Vigils’ days numbered, parishioners’ hope fades
Six years later, churches closed by archdiocese exhaust appeals
EVERETT — A weathered sign stands on the grass out front: “Come join our vigil . . . Already in progress.’’ Someone comes by each day to flip the counter: Day 2,148, Day 2,149. But much of the time, the plain brick church across from Trinity Tattoo stands empty.
After the boiler broke two years ago, the vigil participants at St. Therese stopped sleeping in the pews, reluctantly bowing to the archdiocese’s concerns about safety. The anchor of the group, Harry Whelan, died in June. One by one, the light bulbs in the sanctuary burned out.
“We fought them, we really did. . . . Now everyone’s dispersed,’’ Lori Whelan, Harry’s widow, said on a warm evening last month as she lugged groceries up the steep steps to her house, a few blocks from the silent church. “What we were trying to establish was a rebirth, really. Of course, that will never happen now.’’
It has been six years since the Archdiocese of Boston began closing 66 parishes in an effort to address a shortage of priests, a financial crunch, and diminishing Mass attendance — and six years since parishioners at seven of those churches refused to leave. The resisters dragged mattresses and televisions into parish halls, guarded the sanctuaries in shifts, organized prayer services, and held Sunday worship without priests. They filed unsuccessful civil suits against the archdiocese, and appealed the closures to Rome.
But now, the days of the last five remaining vigils appear to be numbered. Cardinal Sean P. O’Malley promised not to act against the worshipers until they had exhausted their appeals, but in May, the Vatican’s highest court rejected canon law appeals from supporters of closed parishes. Last week, O’Malley’s aides began summoning vigil leaders to meetings, hoping they might be persuaded to join open parishes, and let go of the closed ones at last.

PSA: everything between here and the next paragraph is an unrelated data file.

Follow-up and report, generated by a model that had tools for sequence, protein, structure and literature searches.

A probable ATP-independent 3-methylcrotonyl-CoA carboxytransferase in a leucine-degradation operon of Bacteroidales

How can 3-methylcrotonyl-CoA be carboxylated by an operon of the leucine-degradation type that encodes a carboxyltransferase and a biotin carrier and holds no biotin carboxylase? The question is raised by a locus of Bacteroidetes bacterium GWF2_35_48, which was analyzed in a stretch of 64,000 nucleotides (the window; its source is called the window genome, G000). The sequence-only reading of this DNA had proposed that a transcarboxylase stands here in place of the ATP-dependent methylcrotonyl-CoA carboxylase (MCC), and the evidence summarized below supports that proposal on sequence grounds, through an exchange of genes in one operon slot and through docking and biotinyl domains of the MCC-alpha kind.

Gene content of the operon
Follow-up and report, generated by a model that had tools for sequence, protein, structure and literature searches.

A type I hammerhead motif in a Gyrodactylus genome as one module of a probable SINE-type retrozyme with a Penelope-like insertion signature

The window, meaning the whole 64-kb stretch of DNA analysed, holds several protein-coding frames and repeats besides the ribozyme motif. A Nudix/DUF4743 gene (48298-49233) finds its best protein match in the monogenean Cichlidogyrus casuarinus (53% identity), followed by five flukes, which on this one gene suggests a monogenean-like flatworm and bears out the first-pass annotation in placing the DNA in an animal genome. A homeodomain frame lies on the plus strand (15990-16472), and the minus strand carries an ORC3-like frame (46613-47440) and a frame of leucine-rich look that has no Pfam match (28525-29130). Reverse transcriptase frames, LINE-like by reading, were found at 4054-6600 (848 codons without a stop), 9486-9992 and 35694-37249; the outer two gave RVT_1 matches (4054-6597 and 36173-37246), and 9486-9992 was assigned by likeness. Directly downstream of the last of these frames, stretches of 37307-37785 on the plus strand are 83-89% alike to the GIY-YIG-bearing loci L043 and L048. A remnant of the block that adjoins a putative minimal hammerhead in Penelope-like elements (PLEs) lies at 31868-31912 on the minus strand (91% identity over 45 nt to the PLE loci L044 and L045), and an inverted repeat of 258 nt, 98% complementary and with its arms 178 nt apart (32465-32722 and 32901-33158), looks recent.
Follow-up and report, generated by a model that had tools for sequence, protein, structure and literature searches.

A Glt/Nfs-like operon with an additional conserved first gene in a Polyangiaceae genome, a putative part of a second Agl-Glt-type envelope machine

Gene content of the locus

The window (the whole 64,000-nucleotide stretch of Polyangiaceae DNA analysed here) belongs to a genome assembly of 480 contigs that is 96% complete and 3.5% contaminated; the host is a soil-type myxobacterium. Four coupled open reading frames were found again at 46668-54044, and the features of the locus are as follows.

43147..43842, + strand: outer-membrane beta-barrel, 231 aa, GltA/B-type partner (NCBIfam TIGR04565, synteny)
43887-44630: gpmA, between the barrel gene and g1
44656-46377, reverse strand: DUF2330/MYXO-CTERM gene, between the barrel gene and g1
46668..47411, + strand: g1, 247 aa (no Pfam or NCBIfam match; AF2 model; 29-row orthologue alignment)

“We really do hope this can be resolved in a peaceful and respectful way,’’ said Sister Marian Batho, a member of O’Malley’s Cabinet and his liaison to the vigil participants.
The Council of Parishes, an organization representing Catholics who object to some of the parish closings, is still trying to persuade the Vatican to bar the archdiocese from declaring the churches available for nonreligious purposes. But among many of the rank-and-file vigil participants, hope is fading that the cardinal will reverse the decision to close the parishes.
“In our hearts, we want to believe,’’ said Virginia Schepici, 69, sitting at a table in the Our Lady of Mount Carmel basement hall in East Boston, where the aging vigil participants still gather for coffee and doughnuts after the Sunday service. “But realistically, the answer is no.’’
Yet worship continues in some form at all of the closed churches, and those who participate are fiercely proud of their commitment to their old parishes, and to one another.
Several have grown used to a Sunday service without priests — something that is not quite Mass, but that offers a kind of homespun spiritual intimacy. At St. James the Great in Wellesley, when it’s time for Communion, dozens gather in a circle around the altar, and Eucharistic ministers place wafers, blessed by sympathetic priests, in open hands. Strains of choir music rise from a boom box.
Gathering to pray remains a matter of friendship as well as devotion, and it’s an impulse that remains strong even among those for whom sleeping in the church has become too much. A small group of elderly vigil participants kneel together in the pews at St. Jeremiah in Framingham each evening; on a balmy night last month, an elderly woman among them gave each enormous pink hibiscus blossoms from her garden.